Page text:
Feature

Calum Chambers

Over the course of his 18 years at Arsenal, one of Arsene Wenger’s specialities has been converting players - generally new signings - from one position to another.

Thierry Henry is perhaps the most obvious example, but Henry always had the hallmarks of a forward, even out on the wing. More surprising were the positional journeys of Ashley Cole, Kolo Toure and Lauren to become reliable members of Arsenal’s ‘Invincibles’ backline, having initially been naturals in more advanced positions.

Calum Chambers is a curious case. He’d experienced an impressive campaign at Southampton, starting just under half of last season’s league matches at right back. It seemed he would battle Mathieu Debuchy to become Arsenal’s replacement for Manchester City-bound Bacary Sagna, but Wenger saw Chambers as more versatile.

"He looks to have more qualities to play through the middle than through the flanks"

Arsene Wenger

“I rate his quality and intelligence,” Wenger said. “He is only 19 and can play at centre back, right back and central midfield. I hope he will give us competition for the players in those three positions.”

However, Chambers wasn’t simply providing competition. He was thrown in at the deep end for Arsenal’s 3-0 Community Shield victory over Manchester City, and Arsenal’s clean sheet was a fine reward for his excellent display against Edin Dzeko and Stevan Jovetic. He won the ball quickly and efficiently, also starting a fine attack from deep. “It’s impressive, because he hasn’t got a long history in this position,” said Wenger.

Chambers made his Arsenal league debut in the 2-1 victory over Crystal Palace (see graphic, below right). It was notable how frequently he made tackles (green triangles) towards the touchline, perhaps evidence of his history at right back, refusing to let opponents have a moment’s time on the ball. His clearances (purple triangles) were in more traditional centre-back positions.

 

 

Eye for Detail - Calum Chambers

Passes v Everton

 

 

His following performance, away at Everton, was more impressive for his distribution - he finished with a 96 per cent pass completion rate, the best on the pitch.

Chambers quickly established himself as a centre back who can play elsewhere, rather than a right back deputising in a central position. His first six Arsenal appearances - two in the Emirates Cup, one in the Community Shield, two in the league and one at Besiktas in the Champions League - came at centre back. It was his seventh appearance, the return leg against Besiktas, where he first played at right back in Arsenal colours, as a substitute after Debuchy’s red card.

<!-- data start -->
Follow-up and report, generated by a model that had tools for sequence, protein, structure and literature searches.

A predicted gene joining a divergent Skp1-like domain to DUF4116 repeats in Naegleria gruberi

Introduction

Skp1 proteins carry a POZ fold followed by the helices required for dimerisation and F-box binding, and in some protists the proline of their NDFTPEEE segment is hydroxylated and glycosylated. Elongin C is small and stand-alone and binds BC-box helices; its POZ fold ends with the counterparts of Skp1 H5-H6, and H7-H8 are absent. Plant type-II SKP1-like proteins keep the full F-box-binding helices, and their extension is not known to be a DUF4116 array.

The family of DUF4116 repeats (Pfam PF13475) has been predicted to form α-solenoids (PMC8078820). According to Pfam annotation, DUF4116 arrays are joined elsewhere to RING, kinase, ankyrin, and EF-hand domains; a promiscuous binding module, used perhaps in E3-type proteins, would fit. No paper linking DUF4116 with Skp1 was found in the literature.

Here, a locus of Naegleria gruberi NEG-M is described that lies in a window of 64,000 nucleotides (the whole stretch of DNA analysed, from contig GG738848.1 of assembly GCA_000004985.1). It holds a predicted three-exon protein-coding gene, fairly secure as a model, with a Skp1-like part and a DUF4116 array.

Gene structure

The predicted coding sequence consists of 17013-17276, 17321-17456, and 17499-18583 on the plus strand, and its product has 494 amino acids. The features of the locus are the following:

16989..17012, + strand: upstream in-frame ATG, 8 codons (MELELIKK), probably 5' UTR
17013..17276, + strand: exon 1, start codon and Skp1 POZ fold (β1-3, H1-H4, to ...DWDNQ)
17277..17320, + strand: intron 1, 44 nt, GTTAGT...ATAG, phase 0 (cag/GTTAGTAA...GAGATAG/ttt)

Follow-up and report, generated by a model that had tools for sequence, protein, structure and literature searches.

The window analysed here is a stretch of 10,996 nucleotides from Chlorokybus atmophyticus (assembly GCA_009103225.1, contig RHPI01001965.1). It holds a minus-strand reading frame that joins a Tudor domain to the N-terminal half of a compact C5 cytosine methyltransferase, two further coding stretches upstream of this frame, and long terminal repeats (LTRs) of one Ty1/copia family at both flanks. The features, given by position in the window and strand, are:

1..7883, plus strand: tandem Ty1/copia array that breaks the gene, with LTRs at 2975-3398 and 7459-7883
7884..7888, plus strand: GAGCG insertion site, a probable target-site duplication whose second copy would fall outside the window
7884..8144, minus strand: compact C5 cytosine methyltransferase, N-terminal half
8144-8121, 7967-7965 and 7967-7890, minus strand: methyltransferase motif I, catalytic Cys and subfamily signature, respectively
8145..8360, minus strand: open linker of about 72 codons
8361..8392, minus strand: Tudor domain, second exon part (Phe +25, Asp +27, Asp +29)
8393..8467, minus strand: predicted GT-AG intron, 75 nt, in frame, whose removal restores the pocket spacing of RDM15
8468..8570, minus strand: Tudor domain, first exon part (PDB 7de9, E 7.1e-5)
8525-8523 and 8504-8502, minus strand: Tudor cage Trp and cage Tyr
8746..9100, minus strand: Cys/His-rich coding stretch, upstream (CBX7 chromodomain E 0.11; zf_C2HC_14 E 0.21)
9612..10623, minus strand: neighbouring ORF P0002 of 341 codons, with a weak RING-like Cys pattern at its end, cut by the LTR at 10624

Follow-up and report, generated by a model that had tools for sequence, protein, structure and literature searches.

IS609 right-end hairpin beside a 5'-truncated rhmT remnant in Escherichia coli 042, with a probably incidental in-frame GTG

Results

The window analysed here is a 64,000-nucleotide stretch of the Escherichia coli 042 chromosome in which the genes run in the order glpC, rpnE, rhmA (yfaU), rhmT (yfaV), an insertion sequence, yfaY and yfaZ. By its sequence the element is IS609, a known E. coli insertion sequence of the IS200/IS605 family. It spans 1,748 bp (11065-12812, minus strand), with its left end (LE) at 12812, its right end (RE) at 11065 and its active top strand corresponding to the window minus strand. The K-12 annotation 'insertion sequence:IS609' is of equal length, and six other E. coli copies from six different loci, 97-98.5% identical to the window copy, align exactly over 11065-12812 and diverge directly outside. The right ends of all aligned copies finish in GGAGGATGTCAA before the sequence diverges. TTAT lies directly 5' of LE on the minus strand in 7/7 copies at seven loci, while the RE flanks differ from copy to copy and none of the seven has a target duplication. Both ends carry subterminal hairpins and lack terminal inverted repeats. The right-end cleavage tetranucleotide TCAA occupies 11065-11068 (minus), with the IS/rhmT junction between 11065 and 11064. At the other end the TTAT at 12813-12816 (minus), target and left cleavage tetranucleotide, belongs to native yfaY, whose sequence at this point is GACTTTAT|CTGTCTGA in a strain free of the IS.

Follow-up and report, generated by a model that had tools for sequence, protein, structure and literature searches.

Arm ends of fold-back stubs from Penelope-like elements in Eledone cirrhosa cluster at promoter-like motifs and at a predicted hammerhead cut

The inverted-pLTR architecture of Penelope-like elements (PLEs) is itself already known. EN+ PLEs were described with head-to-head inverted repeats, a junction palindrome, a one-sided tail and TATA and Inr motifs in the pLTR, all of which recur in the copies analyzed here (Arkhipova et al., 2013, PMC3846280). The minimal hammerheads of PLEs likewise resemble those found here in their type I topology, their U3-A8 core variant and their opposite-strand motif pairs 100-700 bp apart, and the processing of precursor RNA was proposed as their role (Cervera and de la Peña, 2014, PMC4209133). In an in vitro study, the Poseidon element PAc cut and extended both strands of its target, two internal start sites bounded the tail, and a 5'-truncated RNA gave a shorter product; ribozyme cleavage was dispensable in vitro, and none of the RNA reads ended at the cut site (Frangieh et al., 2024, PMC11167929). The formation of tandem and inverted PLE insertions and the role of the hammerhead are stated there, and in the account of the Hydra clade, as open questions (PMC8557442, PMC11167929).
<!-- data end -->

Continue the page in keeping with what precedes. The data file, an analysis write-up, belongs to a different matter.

"He’s reminiscent of Laurent Koscielny, always one step ahead, winning the ball proactively rather than waiting to see the move unfold"

Michael Cox

Wenger sees Chambers’ long-term future in the centre. “He looks to have more qualities to play through the middle than through the flanks,” he says. “On the flanks you want explosive players. He is a strong runner, he is a good reader of the game - that helps his anticipation.”

That final quality - Chambers’ reading of the game - is so impressive at this stage of his career. For now, he lacks the physicality of many of the Premier League’s centre backs, but his anticipation skills are excellent. He’s reminiscent of Laurent Koscielny, always one step ahead of the opposition centre forward, winning the ball proactively rather than waiting to see the move unfold.

He shares a younger Koscielny’s tendency to dive into tackles a little too readily, which was particularly obvious in the 2-2 draw against Everton, but that impetuousness is natural for young defenders. Chambers has the potential to become a steady, dependable centre back perfect for Arsenal’s style of play.

“At centre back, I feel more confident than at right back,” Chambers told the Arsenal matchday programme recently. “I feel like I read the game better, I feel more assured in myself. I played at centre back when I was at Southampton Under-16s, and then a couple more times for England Under-19s. Right back can be more demanding physically, because you have to get up and down the pitch more.”

 

 

Calum Chambers in action for England

Calum Chambers in action for England

 

 

Having made his England debut in September, as a substitute right back, it’s clear Chambers has a healthy future for club and country, whatever his position. And, on that question, even he doesn’t yet know what he’ll become.

“I’ve been thinking about [my best position] for the past 10 years! I’ve played in every position over that time. At the moment, I’m enjoying it at centre half. I can play in holding midfield as well so I might end up having a go at that too...”

His development over the next few years, in terms of both position and raw quality, will be fascinating to watch.

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